Thursday, April 12, 2012

What's Eating America

In Michael Pollan's essay "What's Eating America" was very inconsistent.  He didn't really have a main topic for the essay.  His topics changed throughout the essay.  He made some references to some books that probably didn't need to be in the essay.  His opinions on the matters of the essay weren't very clear also.

He began the essay on the history of corn then the farming of corn in America.  He mentions that corn is a big part of American life.  There are about 45,000 corn products in our markets that he mentions.  After that he mentions the invention of chemical fertilizers that are made from ammonium nitrate.  The chemical nitrate had a big impact on agriculture.  There is mention from a reference to a book that the population today would be a lot small if the chemical fertilizer was not invented.  He then references to another book about Fritz Harber the inventor of a chemical fertilizer and that he won the Nobel Prize.  He also mentions the Fritz Harber's wife killed herself.  That reference could have been left out of the essay.  After all that he goes on a tangent on how the nitrogen from the fertilizers are poisonous to the environment.  If too much nitrogen is put into the environment, that it will eventually kill everything.  I believe that the nitrogen problem was the main topic for the essay because he mentions it a lot towards the end of the essay.  He should have just stayed on that topic.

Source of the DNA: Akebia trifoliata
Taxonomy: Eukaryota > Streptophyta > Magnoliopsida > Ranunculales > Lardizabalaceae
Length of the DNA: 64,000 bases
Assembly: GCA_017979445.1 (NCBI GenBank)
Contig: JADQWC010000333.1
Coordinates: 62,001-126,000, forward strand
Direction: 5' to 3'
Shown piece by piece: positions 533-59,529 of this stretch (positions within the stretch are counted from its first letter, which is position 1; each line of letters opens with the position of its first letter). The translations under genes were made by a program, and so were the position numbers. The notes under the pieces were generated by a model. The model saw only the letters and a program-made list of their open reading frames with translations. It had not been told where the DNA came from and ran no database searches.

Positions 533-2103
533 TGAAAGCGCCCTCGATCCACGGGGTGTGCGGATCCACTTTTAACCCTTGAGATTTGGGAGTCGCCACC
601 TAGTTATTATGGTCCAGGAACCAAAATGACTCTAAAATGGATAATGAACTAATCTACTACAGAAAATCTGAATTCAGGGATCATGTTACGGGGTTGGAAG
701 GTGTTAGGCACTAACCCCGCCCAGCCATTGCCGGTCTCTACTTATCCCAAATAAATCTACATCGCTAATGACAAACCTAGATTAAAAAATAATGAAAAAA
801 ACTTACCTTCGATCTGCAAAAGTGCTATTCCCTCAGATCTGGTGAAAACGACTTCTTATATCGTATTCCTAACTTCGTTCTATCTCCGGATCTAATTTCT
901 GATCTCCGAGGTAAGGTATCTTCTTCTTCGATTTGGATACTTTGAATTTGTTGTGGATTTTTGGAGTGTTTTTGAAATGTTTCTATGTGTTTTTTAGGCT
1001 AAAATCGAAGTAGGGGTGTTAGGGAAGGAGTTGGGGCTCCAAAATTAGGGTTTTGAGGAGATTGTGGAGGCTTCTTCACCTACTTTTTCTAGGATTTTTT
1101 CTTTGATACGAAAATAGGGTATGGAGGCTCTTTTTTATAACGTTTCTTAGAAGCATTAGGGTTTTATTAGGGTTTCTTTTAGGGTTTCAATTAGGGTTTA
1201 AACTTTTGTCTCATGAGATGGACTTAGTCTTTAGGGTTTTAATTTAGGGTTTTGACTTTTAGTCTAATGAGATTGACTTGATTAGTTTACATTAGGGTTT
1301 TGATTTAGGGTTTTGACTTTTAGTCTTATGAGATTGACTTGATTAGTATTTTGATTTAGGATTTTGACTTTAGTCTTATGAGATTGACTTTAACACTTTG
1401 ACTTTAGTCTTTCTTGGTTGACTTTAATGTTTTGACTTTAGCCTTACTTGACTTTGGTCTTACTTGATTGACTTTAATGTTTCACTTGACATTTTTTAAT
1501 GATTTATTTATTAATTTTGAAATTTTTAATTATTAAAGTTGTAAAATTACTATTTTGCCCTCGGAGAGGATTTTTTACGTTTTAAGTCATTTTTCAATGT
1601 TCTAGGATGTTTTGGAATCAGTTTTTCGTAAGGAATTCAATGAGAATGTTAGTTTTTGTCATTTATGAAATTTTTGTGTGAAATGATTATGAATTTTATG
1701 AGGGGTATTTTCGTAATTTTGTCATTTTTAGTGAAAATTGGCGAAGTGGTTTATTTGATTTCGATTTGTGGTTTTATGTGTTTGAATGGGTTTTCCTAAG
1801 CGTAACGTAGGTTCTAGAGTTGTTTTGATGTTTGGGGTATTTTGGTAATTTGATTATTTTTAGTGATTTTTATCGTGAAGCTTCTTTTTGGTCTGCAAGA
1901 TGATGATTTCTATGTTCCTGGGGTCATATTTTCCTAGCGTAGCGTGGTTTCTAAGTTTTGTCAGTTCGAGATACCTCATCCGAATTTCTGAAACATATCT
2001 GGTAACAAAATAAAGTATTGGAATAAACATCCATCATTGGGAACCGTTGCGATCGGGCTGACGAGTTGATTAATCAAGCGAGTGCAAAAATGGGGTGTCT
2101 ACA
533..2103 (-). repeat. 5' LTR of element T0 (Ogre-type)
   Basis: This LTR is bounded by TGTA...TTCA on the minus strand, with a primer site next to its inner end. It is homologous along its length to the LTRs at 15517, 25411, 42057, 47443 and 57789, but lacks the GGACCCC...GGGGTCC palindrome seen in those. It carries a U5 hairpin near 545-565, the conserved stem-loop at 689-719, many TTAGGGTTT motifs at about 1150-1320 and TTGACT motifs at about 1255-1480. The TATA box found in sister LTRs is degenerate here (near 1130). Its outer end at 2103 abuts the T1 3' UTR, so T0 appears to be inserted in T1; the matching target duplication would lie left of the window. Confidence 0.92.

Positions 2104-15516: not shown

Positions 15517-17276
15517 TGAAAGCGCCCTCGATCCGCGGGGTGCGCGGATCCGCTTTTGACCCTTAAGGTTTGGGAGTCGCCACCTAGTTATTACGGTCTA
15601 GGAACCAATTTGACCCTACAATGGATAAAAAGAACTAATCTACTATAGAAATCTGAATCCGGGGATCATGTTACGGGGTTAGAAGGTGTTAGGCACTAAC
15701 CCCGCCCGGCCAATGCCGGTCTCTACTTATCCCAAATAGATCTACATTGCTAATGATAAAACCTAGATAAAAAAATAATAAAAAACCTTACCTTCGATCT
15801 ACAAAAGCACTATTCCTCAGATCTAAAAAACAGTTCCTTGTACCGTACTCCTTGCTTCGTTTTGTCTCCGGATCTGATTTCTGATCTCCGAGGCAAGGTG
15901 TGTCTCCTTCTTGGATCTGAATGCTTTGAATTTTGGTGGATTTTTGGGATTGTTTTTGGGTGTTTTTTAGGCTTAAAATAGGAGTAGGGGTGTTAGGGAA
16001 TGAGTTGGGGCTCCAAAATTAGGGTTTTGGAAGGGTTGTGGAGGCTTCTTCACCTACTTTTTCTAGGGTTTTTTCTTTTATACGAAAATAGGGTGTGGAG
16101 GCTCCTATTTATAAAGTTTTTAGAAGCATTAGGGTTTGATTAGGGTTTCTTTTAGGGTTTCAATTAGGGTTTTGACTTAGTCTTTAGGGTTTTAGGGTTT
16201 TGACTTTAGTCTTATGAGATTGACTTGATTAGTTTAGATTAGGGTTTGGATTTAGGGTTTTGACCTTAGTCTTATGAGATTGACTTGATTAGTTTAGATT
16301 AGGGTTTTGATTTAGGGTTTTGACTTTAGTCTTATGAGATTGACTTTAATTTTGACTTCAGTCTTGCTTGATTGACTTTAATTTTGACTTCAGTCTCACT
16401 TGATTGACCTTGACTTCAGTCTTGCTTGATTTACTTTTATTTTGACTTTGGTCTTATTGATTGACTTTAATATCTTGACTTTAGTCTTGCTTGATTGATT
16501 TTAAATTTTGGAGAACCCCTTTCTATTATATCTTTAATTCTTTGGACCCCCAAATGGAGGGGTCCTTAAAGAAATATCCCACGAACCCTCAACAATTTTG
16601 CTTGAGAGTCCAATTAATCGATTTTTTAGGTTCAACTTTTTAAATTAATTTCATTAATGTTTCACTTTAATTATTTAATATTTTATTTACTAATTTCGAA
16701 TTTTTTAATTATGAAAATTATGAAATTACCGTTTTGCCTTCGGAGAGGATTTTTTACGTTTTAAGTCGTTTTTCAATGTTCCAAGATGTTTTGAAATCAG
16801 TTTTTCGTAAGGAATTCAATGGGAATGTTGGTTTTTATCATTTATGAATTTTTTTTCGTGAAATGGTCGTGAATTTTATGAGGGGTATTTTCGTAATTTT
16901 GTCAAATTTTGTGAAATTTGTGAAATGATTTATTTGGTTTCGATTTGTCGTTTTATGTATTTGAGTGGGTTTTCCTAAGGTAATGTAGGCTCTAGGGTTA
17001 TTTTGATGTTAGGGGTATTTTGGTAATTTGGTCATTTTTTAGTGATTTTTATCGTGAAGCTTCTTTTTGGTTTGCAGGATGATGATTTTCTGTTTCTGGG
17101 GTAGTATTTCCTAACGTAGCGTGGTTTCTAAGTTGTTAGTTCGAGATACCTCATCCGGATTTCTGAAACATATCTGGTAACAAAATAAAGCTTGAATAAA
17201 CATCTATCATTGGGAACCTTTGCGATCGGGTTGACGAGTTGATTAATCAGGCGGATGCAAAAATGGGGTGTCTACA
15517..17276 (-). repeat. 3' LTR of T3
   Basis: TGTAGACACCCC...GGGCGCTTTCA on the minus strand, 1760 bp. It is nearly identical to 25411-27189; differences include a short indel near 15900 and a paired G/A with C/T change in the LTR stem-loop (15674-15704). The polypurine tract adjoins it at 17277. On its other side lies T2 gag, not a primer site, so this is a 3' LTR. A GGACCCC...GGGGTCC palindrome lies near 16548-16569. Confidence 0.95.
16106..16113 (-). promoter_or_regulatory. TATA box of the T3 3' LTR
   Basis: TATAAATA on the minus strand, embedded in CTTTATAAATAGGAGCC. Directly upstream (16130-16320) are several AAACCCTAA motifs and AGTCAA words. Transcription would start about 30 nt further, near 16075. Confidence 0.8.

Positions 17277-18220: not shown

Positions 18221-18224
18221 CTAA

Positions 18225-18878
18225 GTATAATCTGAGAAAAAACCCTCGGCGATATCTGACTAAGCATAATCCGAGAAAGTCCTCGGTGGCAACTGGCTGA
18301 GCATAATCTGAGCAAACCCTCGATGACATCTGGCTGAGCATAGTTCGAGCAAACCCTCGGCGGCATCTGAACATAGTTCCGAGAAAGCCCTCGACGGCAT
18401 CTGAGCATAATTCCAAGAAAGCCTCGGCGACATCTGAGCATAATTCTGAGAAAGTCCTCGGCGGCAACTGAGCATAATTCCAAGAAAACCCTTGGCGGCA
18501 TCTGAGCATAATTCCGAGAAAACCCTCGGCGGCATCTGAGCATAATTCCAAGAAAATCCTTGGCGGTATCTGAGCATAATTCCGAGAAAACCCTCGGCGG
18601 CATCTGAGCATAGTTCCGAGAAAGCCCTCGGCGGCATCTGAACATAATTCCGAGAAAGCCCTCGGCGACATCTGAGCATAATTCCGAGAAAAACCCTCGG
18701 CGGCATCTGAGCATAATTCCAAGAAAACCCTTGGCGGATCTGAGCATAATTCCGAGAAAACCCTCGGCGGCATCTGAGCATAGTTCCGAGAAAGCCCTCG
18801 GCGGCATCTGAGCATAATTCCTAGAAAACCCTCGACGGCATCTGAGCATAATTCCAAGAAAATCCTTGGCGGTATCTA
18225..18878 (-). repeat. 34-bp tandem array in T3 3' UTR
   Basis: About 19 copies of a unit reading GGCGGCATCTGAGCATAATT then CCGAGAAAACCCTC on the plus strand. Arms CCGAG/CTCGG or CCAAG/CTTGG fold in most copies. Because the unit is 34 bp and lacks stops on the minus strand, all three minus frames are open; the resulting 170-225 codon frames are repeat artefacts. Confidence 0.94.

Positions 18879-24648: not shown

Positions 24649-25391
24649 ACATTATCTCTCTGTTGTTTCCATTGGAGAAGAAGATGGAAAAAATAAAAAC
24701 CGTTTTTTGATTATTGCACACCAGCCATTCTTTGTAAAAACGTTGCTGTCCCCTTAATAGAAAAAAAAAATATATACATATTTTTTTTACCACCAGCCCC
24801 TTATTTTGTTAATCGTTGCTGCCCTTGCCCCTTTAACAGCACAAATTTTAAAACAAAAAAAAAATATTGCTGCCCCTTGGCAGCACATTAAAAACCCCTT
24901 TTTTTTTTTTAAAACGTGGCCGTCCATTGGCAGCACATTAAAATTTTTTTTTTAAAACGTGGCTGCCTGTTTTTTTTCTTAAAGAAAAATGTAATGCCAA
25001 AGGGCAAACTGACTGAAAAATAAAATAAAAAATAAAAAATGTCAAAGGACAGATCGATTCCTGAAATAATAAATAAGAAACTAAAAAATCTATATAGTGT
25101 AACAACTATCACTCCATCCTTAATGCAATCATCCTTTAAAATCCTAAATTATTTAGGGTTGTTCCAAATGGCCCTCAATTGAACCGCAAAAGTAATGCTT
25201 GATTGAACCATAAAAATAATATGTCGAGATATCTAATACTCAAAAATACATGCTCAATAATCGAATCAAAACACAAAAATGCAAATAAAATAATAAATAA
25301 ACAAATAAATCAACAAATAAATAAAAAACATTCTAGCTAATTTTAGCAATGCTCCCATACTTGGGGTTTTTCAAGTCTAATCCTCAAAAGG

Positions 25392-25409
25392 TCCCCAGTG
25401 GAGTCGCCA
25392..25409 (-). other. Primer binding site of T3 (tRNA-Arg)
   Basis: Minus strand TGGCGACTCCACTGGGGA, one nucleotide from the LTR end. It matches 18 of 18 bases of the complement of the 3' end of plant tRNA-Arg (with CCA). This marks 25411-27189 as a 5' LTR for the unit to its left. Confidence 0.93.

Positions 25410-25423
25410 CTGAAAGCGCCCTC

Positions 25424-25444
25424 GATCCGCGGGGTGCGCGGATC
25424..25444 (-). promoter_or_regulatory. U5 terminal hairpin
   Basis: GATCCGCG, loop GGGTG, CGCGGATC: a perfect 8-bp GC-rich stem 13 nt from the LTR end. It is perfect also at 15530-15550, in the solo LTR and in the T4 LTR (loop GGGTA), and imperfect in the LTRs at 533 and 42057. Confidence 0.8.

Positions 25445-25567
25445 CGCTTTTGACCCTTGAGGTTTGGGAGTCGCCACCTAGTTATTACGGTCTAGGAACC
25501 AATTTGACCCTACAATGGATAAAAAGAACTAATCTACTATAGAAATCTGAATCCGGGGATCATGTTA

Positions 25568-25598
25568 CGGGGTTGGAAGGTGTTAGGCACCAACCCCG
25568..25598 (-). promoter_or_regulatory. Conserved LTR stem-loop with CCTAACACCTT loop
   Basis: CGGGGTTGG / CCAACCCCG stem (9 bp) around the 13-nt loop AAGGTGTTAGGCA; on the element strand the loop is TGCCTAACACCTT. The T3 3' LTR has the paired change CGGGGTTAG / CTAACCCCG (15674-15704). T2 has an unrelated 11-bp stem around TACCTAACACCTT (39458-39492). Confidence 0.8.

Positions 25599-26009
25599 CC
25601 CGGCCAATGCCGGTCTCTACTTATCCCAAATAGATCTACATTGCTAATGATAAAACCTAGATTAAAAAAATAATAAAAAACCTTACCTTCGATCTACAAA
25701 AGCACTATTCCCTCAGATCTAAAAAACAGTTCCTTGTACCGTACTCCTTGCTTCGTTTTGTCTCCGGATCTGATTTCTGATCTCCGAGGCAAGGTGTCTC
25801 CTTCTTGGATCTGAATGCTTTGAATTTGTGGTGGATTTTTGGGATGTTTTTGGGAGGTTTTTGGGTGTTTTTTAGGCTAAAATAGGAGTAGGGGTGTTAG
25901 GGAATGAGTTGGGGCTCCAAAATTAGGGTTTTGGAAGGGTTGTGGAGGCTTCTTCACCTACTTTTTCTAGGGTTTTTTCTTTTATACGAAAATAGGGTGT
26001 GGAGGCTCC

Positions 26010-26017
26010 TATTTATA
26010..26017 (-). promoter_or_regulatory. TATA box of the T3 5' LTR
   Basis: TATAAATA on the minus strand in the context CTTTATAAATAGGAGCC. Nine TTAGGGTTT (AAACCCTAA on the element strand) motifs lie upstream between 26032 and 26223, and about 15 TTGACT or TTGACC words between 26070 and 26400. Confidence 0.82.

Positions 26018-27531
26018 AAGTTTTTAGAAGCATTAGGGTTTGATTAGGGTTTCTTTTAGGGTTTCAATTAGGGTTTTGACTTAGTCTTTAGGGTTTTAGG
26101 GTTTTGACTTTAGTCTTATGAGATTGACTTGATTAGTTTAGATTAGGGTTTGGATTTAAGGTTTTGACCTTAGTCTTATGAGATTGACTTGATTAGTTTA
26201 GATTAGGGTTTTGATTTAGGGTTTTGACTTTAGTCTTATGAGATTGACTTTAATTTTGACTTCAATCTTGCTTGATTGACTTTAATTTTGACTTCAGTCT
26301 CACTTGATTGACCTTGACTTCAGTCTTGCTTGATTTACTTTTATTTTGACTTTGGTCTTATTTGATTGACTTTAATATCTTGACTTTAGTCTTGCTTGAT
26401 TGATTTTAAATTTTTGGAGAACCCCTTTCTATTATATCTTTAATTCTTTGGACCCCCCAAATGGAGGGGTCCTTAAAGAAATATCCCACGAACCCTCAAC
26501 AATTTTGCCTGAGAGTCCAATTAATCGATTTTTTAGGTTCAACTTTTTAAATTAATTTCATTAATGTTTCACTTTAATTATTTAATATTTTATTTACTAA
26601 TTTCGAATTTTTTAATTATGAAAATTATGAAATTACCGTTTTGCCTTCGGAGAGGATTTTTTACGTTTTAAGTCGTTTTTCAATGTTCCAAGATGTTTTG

The essay could have been done better if it was written starting with the main topic and ending on the same topic.  Instead he started with history of corn and ended with the harmful effects of nitrogen.  He did a complete 180 degree turn with his essay.  It seemed that there were too many topics for his essay.  The topics he mention seemed to contradict each other also.  He mentions on the good things of chemical fertilizers then goes on a tangent on how bad they are.  Overall he should have stayed with one subject for the essay.

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